“Qualifying exigencies” include:
- Issues arising from a covered military member’s short notice deployment (i.e., deployment on seven or less days of notice) for a period of seven days from the date of notification;
- Military events and related activities, such as official ceremonies, programs, or events sponsored by the military or family support or assistance programs and informational briefings sponsored or promoted by the military, military service organizations, or the American Red Cross that are related to the active duty or call to active duty status of a covered military member;
- Certain childcare and related activities arising from the active duty or call to active duty status of a covered military member, such as arranging for alternative childcare, providing childcare on a non- routine, urgent, immediate need basis, enrolling or transferring a child in a new school or day care facility, and attending certain meetings at a school or a day care facility if they are necessary due to circumstances arising from the active duty or call to active duty of the covered military member;
- Making or updating financial and legal arrangements to address a covered military member’s absence;
- Attending counseling provided by someone other than a health care provider for oneself, the covered military member, or the child of the covered military member, the need for which arises from the active duty or call to active duty status of the covered military member;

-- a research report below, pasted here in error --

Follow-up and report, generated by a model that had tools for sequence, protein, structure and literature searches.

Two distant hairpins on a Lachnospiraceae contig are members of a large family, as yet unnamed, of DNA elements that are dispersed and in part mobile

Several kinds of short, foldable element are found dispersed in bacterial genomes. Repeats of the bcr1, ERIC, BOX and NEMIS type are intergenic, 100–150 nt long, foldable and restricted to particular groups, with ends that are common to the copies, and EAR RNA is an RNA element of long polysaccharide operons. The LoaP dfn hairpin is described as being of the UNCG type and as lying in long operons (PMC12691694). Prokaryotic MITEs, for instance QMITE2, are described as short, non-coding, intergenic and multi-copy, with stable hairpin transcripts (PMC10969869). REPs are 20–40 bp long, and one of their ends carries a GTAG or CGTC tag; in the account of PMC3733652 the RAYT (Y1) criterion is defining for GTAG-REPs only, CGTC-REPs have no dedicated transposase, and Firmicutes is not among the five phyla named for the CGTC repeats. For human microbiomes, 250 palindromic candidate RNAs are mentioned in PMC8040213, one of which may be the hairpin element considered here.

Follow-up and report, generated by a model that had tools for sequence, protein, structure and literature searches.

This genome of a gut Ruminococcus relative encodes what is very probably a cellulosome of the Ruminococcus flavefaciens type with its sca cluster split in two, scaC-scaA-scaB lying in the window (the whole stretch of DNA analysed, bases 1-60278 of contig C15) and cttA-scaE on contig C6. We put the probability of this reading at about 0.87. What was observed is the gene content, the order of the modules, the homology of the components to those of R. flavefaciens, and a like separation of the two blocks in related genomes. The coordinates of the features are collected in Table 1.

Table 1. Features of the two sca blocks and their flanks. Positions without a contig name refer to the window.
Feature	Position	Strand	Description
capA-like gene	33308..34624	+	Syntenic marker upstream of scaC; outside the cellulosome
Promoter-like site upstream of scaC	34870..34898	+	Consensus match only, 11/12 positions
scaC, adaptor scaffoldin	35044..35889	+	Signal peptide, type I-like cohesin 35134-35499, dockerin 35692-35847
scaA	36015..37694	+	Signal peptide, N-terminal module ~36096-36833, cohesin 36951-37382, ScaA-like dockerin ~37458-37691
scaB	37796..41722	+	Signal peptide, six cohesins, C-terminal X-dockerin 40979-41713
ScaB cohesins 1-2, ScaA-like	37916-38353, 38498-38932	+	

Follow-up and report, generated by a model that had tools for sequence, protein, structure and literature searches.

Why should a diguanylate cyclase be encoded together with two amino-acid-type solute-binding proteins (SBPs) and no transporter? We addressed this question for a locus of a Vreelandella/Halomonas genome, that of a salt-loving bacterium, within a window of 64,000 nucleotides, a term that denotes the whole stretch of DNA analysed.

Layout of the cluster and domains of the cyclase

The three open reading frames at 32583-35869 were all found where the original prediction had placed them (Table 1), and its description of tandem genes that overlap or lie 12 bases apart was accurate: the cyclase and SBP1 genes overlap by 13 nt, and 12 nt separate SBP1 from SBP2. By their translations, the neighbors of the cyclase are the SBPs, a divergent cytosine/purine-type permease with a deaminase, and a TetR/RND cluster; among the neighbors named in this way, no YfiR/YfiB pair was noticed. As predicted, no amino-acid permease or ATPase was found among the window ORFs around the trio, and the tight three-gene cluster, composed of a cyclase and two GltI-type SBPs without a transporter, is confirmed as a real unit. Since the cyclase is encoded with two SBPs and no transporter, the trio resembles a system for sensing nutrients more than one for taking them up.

- Taking up to fifteen days of leave to spend time with a covered military member who is on short-term temporary, rest and recuperation leave during deployment;
- Attending to certain post-deployment activities, including attending arrival ceremonies, reintegration briefings and events, and other official ceremonies or programs sponsored by the military for a period of 90 days following the termination of the covered military member’s active duty status, and addressing issues arising from the death of a covered military member;
- Any other event that the employee and employer agree is a qualifying exigency.
- To care for the parent of a military member when the parent is incapable of self-care and the need for leave arises out of the military member’s covered active duty or call to covered active duty status.
“Spouse” means a husband or wife as defined or recognized under North Carolina law for purposes of marriage.
NOTE: The foregoing is a summary of the FMLA as of March 8, 2013, and an employee should contact HR as soon as they anticipate a need for FMLA to get a complete description of their rights and responsibilities or go to www.dol.gov/whd/fmla/.